A beautiful backcountry lodge in the Sawatch mountains of Colorado. Hike, bike, ski, or four-wheel into your next adventure.
Lost Wonder Hut
About the Hut

About the Hut

Land Acknowledgement 

We acknowledge with respect, that the land that Lost Wonder Hut is situated upon is the ancestral land and territory of the Nuuchiu (Ute) people who were forcibly removed by the United States Government. It is important for this to be acknowledged because the narratives of the lands in this region, and all throughout the United States, have long been told from dominant perspectives, without full recognition of the original land stewards who continue to inhabit and connect with this land. Thank you for your attention and respect in acknowledging this important legacy. 

 

Hut History

The hut is named after the mining claim that it sits on, Lost Wonder Load, and the property includes two other claims as well, the Cave Load and the Minnie Load. Origins of the hut date back to the early 1900s when there was still active mining in the valley and a functioning sawmill. Just down the hill from the front door of the hut, you can find an old cement foundation that was the platform for the sawmill. In the 1950s a lesbian couple, who wanted to live their lives in peace, purchased the property and built the hut as their cozy mountain getaway, where they lived full time.  If you wander out behind the hut in the summer you can find grave markers for their dogs in the forest. In the 1970s it was purchased again and converted into a backcountry ski lodge.  The hut has a rich history of ownership and most locals in this valley have a memory or two made at the hut.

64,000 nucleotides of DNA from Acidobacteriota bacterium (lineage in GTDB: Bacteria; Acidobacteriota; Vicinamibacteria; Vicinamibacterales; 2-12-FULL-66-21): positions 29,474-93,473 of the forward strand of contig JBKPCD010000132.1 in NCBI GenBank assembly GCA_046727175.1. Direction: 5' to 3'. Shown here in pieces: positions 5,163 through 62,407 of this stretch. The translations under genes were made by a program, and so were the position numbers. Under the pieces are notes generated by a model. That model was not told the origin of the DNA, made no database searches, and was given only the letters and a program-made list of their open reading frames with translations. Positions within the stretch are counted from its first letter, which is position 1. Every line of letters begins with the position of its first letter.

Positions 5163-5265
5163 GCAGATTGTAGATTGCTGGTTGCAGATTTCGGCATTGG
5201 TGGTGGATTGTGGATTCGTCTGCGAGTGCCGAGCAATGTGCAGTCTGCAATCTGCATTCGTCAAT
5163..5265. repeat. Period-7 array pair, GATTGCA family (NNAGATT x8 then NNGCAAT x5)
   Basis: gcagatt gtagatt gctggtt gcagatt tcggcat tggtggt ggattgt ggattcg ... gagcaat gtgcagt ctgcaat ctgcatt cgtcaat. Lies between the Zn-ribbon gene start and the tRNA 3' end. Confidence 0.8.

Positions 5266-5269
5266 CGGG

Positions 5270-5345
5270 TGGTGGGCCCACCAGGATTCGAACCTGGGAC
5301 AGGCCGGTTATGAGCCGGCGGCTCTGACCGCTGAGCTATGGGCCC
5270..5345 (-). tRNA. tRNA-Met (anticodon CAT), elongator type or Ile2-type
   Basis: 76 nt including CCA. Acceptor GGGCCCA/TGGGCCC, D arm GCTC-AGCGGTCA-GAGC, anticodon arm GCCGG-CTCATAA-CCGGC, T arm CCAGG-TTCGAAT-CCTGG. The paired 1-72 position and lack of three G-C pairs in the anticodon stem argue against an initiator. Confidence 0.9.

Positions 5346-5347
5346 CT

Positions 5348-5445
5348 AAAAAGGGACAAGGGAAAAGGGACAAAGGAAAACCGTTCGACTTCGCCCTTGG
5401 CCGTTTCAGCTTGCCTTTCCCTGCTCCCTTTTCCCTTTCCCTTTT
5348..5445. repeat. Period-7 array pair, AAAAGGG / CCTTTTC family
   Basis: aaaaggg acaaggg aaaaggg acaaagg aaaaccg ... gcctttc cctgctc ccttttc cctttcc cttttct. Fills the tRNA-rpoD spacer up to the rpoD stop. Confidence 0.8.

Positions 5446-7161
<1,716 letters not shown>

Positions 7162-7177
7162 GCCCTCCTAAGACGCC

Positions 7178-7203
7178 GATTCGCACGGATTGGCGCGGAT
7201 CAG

The Lewis’ began running Lost Wonder in the mid-2000s and Jess and Natalie became partners and owners together in 2021.  The Lewis’ added the private residence alongside the primary hut, are working on building out a primitive campground for CDT and CT hikers, and strive to continue the rich history of land stewardship in a variety of ways – including habitat restoration for snowshoe hare and the endangered lynx as well as extensive fire mitigation efforts to bring back a healthier forest.